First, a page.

Saturday, 31 December 2011

Tales from Argentina – The Old Vauxhall

When you find yourself thinking back to childhood, doesn’t the tape in your head automatically rewind to the same topics - the house(s) you lived in…  the food you ate… the cars your parents had? 

I’ll tell you one day about one of the houses, and the less I say about the food I consumed the better, since I’ve covered it pretty comprehensively in this blog – alas.  However there is a car I’d like to tell you about, our black 1946 Vauxhall 12.
1946 Vauxhall 12 (internet)
Dad bought it in 1954 when I was a year old and it was of British manufacture, though the steering wheel was on the left hand side so it must have been made for export.  He was the third or fourth owner, and none had been of the ‘careful’ variety, so it had seen better days.  Its maximum speed was 60 km per hour, and my sister remembers Dad with his foot to the floor doing 58, and Mum shouting querulously at him to slow down his 'breakneck speed'.
The problem with the Vauxhall was the difficulty in obtaining spare parts, which had to come from England.  When he was involved in an accident at one point, the only second hand mudguard/wheel arch that my father could obtain was dark red in colour.  No problem – he had the whole car resprayed dark red. 
However there were parts you couldn’t get, particularly those responsible for keeping it going.  Your only hope was to contact some Anglo-Argentine friend who worked at the Blue Star Line shipping company offices in town, and get him - through his contacts - to get one of the stewards on board a passenger ship to bring a part with him on his next trip, and then you waited for six months.  In fact it was well known that the stewards supplemented their income by bringing Scotch whisky, British tobacco and chocolate over with them to sell to the people anxious for imported luxury goods who would be waiting at the quayside of the Buenos Aires docks.
The old Vauxhall’s engine was started by means of a button behind the steering wheel which was temperamental in the mild and damp winters and during the summer thunderstorms of Buenos Aires.  When it refused to cooperate you had to hunt for the starting handle which fitted into a slot outside the car above the front bumper, and turn it energetically until it sparked into life.  The muttering of oaths and curses throughout this procedure was essential.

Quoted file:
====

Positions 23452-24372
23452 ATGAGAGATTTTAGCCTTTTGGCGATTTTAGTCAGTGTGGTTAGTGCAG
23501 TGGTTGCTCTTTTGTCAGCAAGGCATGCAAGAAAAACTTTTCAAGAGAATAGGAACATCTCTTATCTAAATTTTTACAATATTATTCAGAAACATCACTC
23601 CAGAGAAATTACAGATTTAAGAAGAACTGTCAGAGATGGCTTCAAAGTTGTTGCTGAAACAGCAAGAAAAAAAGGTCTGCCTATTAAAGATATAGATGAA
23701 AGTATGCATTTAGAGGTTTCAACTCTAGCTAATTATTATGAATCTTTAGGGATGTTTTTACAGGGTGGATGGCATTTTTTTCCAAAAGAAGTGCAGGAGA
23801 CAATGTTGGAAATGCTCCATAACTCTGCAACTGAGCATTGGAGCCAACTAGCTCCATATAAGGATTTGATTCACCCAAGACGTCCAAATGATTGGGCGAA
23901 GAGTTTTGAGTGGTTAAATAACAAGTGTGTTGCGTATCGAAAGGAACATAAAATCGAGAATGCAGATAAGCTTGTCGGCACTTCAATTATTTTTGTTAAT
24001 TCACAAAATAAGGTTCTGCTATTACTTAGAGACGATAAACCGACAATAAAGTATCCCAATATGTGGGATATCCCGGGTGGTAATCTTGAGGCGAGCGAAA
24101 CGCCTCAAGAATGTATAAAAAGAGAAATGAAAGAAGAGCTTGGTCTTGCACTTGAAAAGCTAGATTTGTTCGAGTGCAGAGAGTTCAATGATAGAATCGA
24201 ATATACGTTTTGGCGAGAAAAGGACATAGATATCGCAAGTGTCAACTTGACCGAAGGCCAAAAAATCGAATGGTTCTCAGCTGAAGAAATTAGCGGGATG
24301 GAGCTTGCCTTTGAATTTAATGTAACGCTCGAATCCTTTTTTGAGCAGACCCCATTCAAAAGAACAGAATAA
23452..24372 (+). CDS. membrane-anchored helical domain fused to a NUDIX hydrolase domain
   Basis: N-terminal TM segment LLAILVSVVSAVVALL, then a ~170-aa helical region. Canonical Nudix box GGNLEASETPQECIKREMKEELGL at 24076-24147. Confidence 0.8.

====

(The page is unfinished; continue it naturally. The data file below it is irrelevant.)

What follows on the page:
My sister still remembers the embarrassment she felt as a six year old when they stopped at a set of traffic lights on Montes de Oca Avenue.  When the lights turned to green the car stalled, and our mother had to brave angry drivers sitting on their horns while she climbed out of the car in her faux fur coat and high heels, hunted for the starting handle and yanked it round in fury until it coughed back to life, while my sister glanced around her fearfully in case she saw anyone they knew.
This was the car which, during my early days at boarding school when I was five, took us up and down the many hours of sticky, muddy track - otherwise known as the main road - on the first and last day of term, when we felt we were setting out into the unknown at the mercy of both the weather and drivers in other more powerful cars which would have to haul us out.  On one occasion even a car transporter loaded with new farm vehicles stopped to help.  We were hoisted onto the top level and while our parents shared the cabin with the driver, we travelled on the top in swaying, towering splendour, seeing the land from a very different perspective and feeling terribly important.
This was the car in which my parents were earnestly discussing their impecunious existence, unaware that little-pitchers-have-big-ears until my five-year old sister piped up tearfully offering the contents of her piggy bank. 
This was also the car which developed a loud and very ominous rumbling sound underneath which defied all examinations by my father and a couple of skilled mechanics.  It went on for some time and all my father could identify was that it was particularly bad when going round corners.  The spectre loomed of yet more expenses to come out of a meagre budget, and as they agonised over what terrible thing was happening to their car, my mother reminded him that the spare mangle roller of our Hoover washing machine which she had asked him to take to be repaired still had not been returned.